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returned on the very evening of the day he quitted it. Count Emanuel informed him of the circumstances which occasioned their friend's appearance there, Natale, with his natural goodness of heart, scarcely waited the conclusion of the narrative. He set off immediately for Milan, and had a conference with the Duke on that very day. His grace was a man of great sensibility, and gratitude to the marquis made him use every endeavour to serve his ill-fated son. He was successful.—The council knowing his power, and perhaps weary of their horrid persecutions, assented, without further hesitation, to the release of Foscari.

Throughout the city the news was in an instant circulated, and there was not a heart in Venice, except that of his cruel accuser, that did not manifest sincere joy at his deliverance.

This may appear singular, as it has been before observed that the general voice pronounced him guilty; but when we recollect that the horror of the murder was forgotten the characters of the late and present Count Donato universally disliked—and the extreme sufferings of Foscari—we cannot wonder that their prejudices were overcome, and that pity succeeded to revenge. No sooner was the release procured, than despatches were instantly sent off to Candia, for his immediate return. His excess of joy had nearly proved fatal to the Doge, who was far advanced in years, and still further in sorrow.

Before he could possibly be expected home, Julia had sent every day to the harbour, to know if any news had arrived from Candia. At length a vessel hove in sight. The faithful Olivier (who was still in the marquis's service) was waiting with anxious 'expectation. He fancied he discerned his beloved master on the deck, and hailed the bark with the most heartfelt satisfaction. Fatal delusion! His master was indeed on board, but death had put a period to his sufferings, and his future happiness was sealed for ever.

The unfortunate martyr had scarcely spoken during his yoyage to Candia, and it was with the greatest difficulty he was persuaded to take the slightest nourishment. On his arrival he requested a confessor, and after being with him some time, called for his physician, and in the presence of both protested his innocence in the most solemn manner. He then declared that he was perfectly resigned to his fate, and that he had nothing more to wish for; he had bid adieu to all that was dear to him, and only asked forgiveness for his persecutors, as he forgave them. He afterwards sank into a slumber, which seemed materially to have refreshed him. The next day he was better, but on the third he was restless and uneasy.--The physician (who never for a moment quitted him) insisted on his keeping his bed-he could not swallow, and his pulse was in the most alarming state. Towards evening he was more composed, and again asked for his confessor-he came-but Foscari had that moment breathed his last, and his pure soul had winged its way to the realms of immortality.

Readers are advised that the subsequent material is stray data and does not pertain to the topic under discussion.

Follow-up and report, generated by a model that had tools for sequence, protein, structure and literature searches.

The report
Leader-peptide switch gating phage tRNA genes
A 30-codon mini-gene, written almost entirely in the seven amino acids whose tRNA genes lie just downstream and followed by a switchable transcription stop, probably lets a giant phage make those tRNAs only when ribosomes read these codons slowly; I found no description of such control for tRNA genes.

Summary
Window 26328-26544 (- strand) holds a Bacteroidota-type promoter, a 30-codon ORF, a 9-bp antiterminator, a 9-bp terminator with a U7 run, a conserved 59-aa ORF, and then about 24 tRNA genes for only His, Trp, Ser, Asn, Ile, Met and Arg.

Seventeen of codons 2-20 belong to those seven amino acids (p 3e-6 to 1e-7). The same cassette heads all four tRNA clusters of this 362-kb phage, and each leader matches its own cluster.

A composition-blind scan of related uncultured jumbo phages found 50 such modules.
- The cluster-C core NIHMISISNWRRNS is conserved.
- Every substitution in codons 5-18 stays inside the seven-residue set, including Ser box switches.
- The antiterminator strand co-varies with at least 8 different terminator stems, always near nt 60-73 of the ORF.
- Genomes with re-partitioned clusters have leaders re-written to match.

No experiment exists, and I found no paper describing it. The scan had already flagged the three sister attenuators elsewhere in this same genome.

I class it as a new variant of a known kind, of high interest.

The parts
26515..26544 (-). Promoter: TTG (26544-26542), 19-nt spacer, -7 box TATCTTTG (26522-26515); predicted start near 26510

Thus perished a most deserving but unfortunate youth, in a miserable prison! without one friend to sympathise with him in his parting moments! basely accused of another's crimes !-and heart-broken by his privation of all those ties which endear us to life and to society.

Olivier hastened with unaffected sorrow to prepare Julia for this trial of her fortitude ; in his way he met the Count, to whom he imparted his tale of woe. Emanuel felt what a real friend should feel on such an occasion. He had ever loved Foscari as a brother, and as a brother ne wept for him. He undertook to break the mournful tidings to the marquis and Julia ; it was a severe and painful task, but he was their friend; and who but a friend who felt the loss, could soften and prepare their hearts for such a trial? He effected it with more composure than he could have expected, but it sunk deep into the heart of the Doge, and from that hour his advance to the grave was precipitate.